When I was young, I quit so many things, some of which I regret today. In third or fourth grade, I quit the violin. I had only attempted it for about a year. In junior high, I attempted volleyball and basketball until it got to a point where I felt it was necessary to quit. I remember I wanted to quit in the middle of basketball season, but my father would not let me. Needless to say, I didn’t try the next year. In junior and senior high school, I attempted Teen Bible Quiz. I truly wanted to stick those out. I would do really well for the first five chapters, and then I would just stop going. I had my excuses: “I just don’t have time between school and work” (which was one I would tell everyone else because it was partially true) or “It is just too hard” (an excuse I told myself). Lord knows I never stick to a diet! And then there is the constant “quitting” that I seem to mention in most of my blogs where it is as if my flesh quits pursuing God though my spirit longs for more of Him. That may be the cycle of humanity, but in last night’s Bible Study, Relentless by John Bevere, I felt challenged that I didn’t have to be caught in this quit cycle.
John Bevere asked a question that required some prayer. It must have been moments before I started dozing off because it is what sticks out the most. He had just told about how he was a quitter all his life, but then he grasped a bit of God and never let go. His mother doubted that he would stick to his faith, but God has grown him, strengthened him, and given him a relentless spirit to finish well the race God has for him. Then he asked, “What kind of things have you quit on before?” He went on to encourage us to seek out why we would quit those things. So now I ask myself, I ask God, what is the heart of the issue? Why have I always quit on the “little” things?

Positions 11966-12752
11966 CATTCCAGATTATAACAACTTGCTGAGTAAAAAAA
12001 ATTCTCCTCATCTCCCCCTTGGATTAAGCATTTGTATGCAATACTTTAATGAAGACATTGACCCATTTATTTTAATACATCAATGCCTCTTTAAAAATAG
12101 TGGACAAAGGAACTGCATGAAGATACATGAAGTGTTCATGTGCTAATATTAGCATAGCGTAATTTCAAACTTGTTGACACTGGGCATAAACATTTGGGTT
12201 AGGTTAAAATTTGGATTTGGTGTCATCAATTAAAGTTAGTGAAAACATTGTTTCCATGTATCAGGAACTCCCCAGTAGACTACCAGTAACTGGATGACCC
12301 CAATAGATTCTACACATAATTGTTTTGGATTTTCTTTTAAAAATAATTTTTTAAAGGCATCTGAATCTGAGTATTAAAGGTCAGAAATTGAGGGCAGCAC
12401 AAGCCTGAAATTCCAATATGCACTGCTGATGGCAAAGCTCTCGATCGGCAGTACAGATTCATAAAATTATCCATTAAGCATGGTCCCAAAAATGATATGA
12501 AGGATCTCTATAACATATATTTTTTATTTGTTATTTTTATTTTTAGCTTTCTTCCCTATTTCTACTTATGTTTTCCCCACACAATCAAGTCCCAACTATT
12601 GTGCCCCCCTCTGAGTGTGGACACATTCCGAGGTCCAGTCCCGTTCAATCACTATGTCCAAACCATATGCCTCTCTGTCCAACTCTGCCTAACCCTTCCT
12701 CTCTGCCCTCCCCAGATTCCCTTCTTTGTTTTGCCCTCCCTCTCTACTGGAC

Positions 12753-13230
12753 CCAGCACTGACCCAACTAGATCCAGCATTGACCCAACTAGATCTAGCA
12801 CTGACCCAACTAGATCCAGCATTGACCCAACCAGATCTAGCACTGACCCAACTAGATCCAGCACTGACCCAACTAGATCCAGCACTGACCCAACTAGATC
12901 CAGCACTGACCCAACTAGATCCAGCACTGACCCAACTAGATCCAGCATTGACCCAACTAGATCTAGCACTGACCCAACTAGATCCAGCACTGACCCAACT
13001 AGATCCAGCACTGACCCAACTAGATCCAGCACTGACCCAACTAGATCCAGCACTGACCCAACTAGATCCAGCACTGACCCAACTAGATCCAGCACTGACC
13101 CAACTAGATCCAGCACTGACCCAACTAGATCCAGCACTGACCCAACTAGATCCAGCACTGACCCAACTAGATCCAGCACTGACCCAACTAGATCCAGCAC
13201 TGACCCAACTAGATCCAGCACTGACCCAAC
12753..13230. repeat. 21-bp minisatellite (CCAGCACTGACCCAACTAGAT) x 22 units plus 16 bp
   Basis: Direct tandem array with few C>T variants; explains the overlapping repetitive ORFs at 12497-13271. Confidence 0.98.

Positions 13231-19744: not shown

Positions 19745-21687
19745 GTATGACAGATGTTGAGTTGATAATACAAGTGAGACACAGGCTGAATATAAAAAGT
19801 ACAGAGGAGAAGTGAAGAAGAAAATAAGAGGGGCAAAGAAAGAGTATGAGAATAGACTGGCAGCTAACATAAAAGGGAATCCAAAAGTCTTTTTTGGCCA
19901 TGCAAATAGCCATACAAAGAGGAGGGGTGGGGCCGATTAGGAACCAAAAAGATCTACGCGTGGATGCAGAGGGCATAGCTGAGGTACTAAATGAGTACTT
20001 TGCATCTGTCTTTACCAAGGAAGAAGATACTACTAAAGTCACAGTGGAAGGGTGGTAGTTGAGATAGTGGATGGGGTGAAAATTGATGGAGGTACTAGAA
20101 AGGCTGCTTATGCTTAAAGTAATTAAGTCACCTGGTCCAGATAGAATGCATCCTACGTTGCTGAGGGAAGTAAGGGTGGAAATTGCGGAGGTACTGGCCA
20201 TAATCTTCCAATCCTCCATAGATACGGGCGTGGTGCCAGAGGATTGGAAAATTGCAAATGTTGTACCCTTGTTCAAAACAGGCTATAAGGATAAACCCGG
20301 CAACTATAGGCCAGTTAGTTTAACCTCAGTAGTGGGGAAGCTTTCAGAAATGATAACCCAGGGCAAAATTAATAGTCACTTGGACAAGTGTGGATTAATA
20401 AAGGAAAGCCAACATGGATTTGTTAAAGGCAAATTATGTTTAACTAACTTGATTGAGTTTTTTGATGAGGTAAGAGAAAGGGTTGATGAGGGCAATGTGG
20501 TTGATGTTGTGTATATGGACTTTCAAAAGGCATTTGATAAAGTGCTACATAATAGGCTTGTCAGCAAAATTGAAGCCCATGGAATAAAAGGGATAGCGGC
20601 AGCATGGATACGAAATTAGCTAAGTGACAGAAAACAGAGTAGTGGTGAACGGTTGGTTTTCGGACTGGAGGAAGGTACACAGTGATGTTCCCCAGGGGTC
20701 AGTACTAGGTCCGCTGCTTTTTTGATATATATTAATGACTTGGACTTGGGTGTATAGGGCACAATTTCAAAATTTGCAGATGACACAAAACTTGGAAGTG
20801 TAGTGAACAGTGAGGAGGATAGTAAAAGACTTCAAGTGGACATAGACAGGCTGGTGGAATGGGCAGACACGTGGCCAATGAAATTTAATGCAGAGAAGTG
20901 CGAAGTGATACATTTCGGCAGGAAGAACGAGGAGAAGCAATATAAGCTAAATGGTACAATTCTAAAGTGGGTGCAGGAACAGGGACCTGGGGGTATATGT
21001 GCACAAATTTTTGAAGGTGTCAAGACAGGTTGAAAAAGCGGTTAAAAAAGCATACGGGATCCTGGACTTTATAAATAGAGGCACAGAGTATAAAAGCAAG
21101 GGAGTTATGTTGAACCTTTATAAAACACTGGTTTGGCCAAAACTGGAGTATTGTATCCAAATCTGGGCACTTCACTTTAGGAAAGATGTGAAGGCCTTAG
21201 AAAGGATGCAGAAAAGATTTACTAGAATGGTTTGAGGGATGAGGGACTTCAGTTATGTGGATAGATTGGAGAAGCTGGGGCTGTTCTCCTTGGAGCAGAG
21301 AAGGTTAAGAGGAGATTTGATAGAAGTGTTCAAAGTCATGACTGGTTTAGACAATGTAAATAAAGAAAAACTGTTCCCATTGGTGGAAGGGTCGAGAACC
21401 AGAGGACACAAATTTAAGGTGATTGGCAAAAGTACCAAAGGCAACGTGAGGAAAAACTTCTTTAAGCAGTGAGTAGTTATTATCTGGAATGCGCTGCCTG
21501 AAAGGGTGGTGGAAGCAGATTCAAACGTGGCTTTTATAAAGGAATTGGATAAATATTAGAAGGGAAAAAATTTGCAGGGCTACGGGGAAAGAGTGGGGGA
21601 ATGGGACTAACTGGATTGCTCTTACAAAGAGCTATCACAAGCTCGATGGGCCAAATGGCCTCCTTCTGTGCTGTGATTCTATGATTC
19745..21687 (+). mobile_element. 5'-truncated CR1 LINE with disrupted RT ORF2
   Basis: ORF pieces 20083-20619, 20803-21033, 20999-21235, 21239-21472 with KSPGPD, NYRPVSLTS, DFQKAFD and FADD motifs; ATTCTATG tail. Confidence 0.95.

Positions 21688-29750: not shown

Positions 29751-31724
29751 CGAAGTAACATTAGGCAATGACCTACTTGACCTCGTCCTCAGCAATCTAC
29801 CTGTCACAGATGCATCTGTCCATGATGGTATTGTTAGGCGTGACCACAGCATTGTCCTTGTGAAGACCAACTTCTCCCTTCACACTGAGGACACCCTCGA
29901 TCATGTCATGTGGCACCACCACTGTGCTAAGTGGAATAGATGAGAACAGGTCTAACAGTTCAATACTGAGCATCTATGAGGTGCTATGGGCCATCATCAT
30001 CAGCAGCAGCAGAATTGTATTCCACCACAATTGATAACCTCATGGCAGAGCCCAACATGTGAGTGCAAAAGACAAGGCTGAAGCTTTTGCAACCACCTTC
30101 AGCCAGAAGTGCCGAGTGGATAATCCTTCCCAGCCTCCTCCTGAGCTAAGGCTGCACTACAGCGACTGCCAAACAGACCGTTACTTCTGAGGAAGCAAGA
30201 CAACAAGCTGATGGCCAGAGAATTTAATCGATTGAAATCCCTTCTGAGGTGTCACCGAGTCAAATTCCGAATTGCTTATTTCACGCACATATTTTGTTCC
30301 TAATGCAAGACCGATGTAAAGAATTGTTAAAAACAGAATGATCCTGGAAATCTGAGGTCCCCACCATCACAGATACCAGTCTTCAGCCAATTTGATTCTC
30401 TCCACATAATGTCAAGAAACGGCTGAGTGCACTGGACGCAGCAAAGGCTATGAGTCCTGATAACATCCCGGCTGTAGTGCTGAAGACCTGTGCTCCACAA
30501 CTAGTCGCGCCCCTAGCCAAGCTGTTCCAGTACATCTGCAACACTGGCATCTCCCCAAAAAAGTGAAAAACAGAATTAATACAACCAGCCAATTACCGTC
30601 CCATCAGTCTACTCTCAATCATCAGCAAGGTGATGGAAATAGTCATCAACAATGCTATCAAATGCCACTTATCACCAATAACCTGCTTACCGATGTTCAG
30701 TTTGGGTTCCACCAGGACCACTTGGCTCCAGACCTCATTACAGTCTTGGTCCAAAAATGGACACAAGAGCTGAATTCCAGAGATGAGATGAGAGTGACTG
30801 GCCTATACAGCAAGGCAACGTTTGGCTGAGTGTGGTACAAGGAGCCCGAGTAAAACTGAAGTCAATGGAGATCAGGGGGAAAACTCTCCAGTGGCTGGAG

I, my flesh, simply decided I didn’t want to anymore. I let what I perceived everyone’s thoughts of me to manipulate me (i.e. basketball). I always reached a point where it was harder to continue than it was to quit. I believe those are all important issues that God has brought to the surface, but the heart of all my quits of life was that I unrealistically expected to reach the end goal without putting in the practice. I quit violin because I wasn’t practicing, but I really wanted to play. I wanted to be perfect at it right away; that never happens. I quit sports all together because I thought the practices were too hard, and that I wasn’t good enough anyways. I wanted to be good, but I didn’t want to truly dedicate myself to practicing it. I loved being in TBQ, but I always got to a point where I stopped practicing, stopped studying. Quitting always trailed behind. Even in my walk with God, I see this issue. I am strong for a while. I read everyday, but then life gets hard. Life gets busy. I live my day and realize that I never said a prayer or cracked open my Bible. I fail to practice my faith.
God, give me a relentless spirit to persevere through any amount of practice, any hardship, and any lie of inadequacy, for I know you have called me, you equip me, you love me.
“Therefore, since we are surrounded by such a great cloud of witnesses, let us throw off everything that hinders and the sin that so easily entangles, and let us run with perseverance the race marked out for us. 2 Let us fix our eyes on Jesus, the author and perfecter of our faith, who for the joy set before him endured the cross, scorning its shame, and sat down at the right hand of the throne of God. 3 Consider him who endured such opposition from sinful men, so that you will not grow weary and lose heart.” (Hebrews 12:1-3 NIV)